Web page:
Why Giving Pot Pushers Access to Our Banks Is Dangerous

Thursday, October 24, 2019
The House of Representatives is about to consider a bill called The Safe Banking Act, which, like many titles of federal laws, is completely misleading. 
It should be called the “Let’s Pretend Marijuana Is Safe and Give Pot Pushers, Cartels, and Terrorist Organizations Access to Our Banking System” Act. 
Don’t hold your breath for a title change. Regardless of the title, the idea behind the act ignores reality and, if passed, will lead to disastrous results.
This bill is all about protecting people and businesses who openly commit federal crimes by selling marijuana, and rewarding them by giving them access to the most important banking system in the world to further give them the patina of legitimacy.
And at the same time the House is considering this bill, the data on the impact of the legalization experiment across the country is proving just what a dangerous and bad idea legalization has become.
The Rocky Mountain High Intensity Drug Trafficking Area report on the impact of legalization in Colorado is devastating for those pushing pot. The report found:
·          Traffic deaths where drivers tested positive for marijuana increased 109%
·         Traffic deaths involving drivers who tested positive for marijuana more than doubled between 2013 and 2018
·         The percentage of all Colorado traffic deaths that were marijuana related increased 15% in 2013 to 23% in 2018
·         Marijuana use in the past month for children ages 12 and up increased 58%, and is 78% higher than the national average
·         Adult marijuana use increased 94%, and is 96% higher than the national average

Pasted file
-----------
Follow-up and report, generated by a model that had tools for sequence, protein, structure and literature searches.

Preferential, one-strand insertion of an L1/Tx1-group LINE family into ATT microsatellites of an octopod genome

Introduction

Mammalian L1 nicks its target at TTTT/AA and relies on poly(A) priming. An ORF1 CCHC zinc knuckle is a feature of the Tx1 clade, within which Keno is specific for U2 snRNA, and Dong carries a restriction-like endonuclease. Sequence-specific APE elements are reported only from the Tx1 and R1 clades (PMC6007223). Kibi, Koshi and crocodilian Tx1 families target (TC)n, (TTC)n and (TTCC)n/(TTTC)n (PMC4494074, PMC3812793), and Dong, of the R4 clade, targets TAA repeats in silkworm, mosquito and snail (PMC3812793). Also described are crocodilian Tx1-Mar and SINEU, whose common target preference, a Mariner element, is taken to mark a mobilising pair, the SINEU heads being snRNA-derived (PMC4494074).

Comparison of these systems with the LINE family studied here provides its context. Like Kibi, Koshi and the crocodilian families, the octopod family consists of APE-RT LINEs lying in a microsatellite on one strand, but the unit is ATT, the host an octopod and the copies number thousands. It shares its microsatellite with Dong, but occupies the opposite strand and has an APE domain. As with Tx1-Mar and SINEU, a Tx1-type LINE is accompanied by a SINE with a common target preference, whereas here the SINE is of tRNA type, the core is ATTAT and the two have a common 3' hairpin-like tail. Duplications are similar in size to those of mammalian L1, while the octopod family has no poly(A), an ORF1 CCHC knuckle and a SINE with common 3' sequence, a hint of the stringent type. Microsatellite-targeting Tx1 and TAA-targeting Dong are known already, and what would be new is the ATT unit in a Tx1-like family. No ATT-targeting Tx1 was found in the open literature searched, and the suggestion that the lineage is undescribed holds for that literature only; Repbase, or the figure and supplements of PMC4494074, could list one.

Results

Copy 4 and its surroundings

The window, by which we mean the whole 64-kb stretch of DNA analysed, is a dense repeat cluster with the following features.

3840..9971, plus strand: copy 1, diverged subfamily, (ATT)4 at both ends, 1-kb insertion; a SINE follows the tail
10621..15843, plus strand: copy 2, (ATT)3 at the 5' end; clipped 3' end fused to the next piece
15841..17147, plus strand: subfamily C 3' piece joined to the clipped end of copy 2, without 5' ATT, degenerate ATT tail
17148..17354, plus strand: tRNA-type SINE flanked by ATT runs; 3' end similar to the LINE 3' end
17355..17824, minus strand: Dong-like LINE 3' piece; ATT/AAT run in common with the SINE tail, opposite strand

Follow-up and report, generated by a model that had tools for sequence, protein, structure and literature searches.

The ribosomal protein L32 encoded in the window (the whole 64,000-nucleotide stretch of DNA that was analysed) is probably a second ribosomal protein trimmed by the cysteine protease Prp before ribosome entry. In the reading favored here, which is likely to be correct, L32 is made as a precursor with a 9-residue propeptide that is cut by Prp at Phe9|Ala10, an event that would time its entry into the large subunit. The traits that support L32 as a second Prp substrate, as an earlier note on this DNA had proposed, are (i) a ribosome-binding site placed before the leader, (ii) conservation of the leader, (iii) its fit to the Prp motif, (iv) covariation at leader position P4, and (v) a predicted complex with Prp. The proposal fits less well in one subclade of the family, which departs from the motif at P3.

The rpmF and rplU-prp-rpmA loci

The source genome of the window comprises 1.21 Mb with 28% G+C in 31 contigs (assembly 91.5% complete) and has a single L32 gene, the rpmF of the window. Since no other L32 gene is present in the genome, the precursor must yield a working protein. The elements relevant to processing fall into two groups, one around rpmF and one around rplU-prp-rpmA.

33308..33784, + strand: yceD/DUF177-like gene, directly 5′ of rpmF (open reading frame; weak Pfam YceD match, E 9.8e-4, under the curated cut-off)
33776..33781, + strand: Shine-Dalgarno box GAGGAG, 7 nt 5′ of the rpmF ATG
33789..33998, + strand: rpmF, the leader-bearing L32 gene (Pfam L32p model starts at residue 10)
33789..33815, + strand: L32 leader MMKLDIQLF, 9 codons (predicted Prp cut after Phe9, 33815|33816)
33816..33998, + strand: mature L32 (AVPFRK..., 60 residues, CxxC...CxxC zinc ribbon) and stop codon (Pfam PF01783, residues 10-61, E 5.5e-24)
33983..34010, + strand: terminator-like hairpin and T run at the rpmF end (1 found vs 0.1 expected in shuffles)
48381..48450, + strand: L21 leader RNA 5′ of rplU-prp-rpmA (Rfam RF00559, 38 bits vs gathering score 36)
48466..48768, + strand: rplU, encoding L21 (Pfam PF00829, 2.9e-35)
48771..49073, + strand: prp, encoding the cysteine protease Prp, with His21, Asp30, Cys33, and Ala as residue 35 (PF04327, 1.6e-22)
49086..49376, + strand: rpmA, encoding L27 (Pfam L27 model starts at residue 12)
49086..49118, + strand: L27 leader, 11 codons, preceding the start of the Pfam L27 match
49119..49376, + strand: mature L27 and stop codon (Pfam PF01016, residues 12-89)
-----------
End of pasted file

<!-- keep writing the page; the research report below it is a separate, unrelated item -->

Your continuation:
·         The yearly number of emergency room visits related to marijuana increased 54% after legalization
·         Marijuana-related hospitalizations increased 101% after legalization
·         Suicides where toxicology results were positive for marijuana increased from 14% in 2013 to 23% in 2017

The report also shows that the tax revenue from state-authorized marijuana sales, far from being a game-changer like pot pushers said it would be, amounted to around nine-tenths of 1% (000.9%) of Colorado’s fiscal year 2018 budget. Previous reports are just as bad. 

Pot Is a Schedule I Controlled Dangerous Substance for Good Reason

Passed in 1970, the Controlled Substances Act places marijuana in Schedule I, a category reserved for drugs that are medically unhelpful and dangerous. Schedule I drugs have a high potential for abuse, have no currently accepted medical use in treatment, and a lack of accepted safety for use even under medical supervision.

The fact that the act was controversial when it was adopted, and the debate over the proper treatment of cannabis has not quieted down since then, does not negate the fact that as of today, marijuana is on Schedule I.

As Heritage Foundation scholars have written elsewhere, Congress would be irresponsible to move marijuana out of Schedule I of the Controlled Substances Act without hearing from the nation’s finest scientific minds. 

States have passed so-called medical marijuana laws under the theory that pot has medicinal benefits that can’t be produced by other legal means. In making those claims, pot pushers want us to ignore the fact that today’s marijuana is one of the most genetically modified substances on the earth, has over 500 known carcinogens, has THC levels that dwarf the 1% or 2% levels from the 1970s (levels are now at 20-90% THC), and that there is zero quality, content, or dosage control in their products. 

They are also counting on you not knowing that there are already three FDA-approved THC drugs, and at least five more on the way.   

The dirty little secret they hide from you is that you don’t have to smoke marijuana, eat it in a brownie, or chew it in a marijuana-laced gummy bear to reap the medicinal benefits of THC. A doctor can write you a prescription for those drugs. They can’t write one for marijuana, because it is not a medicine

The three FDA-approved drugs are Marinol, Cesamet, and Syndros. Drugs like Syndros show great promise for countering today’s dangerous “medical marijuana” movement. The companies that sell those FDA-approved drugs do, and should have access to the federal banking system. But those who peddle pot, with sky-high genetically manipulated THC levels that have no medical benefit, shouldn’t.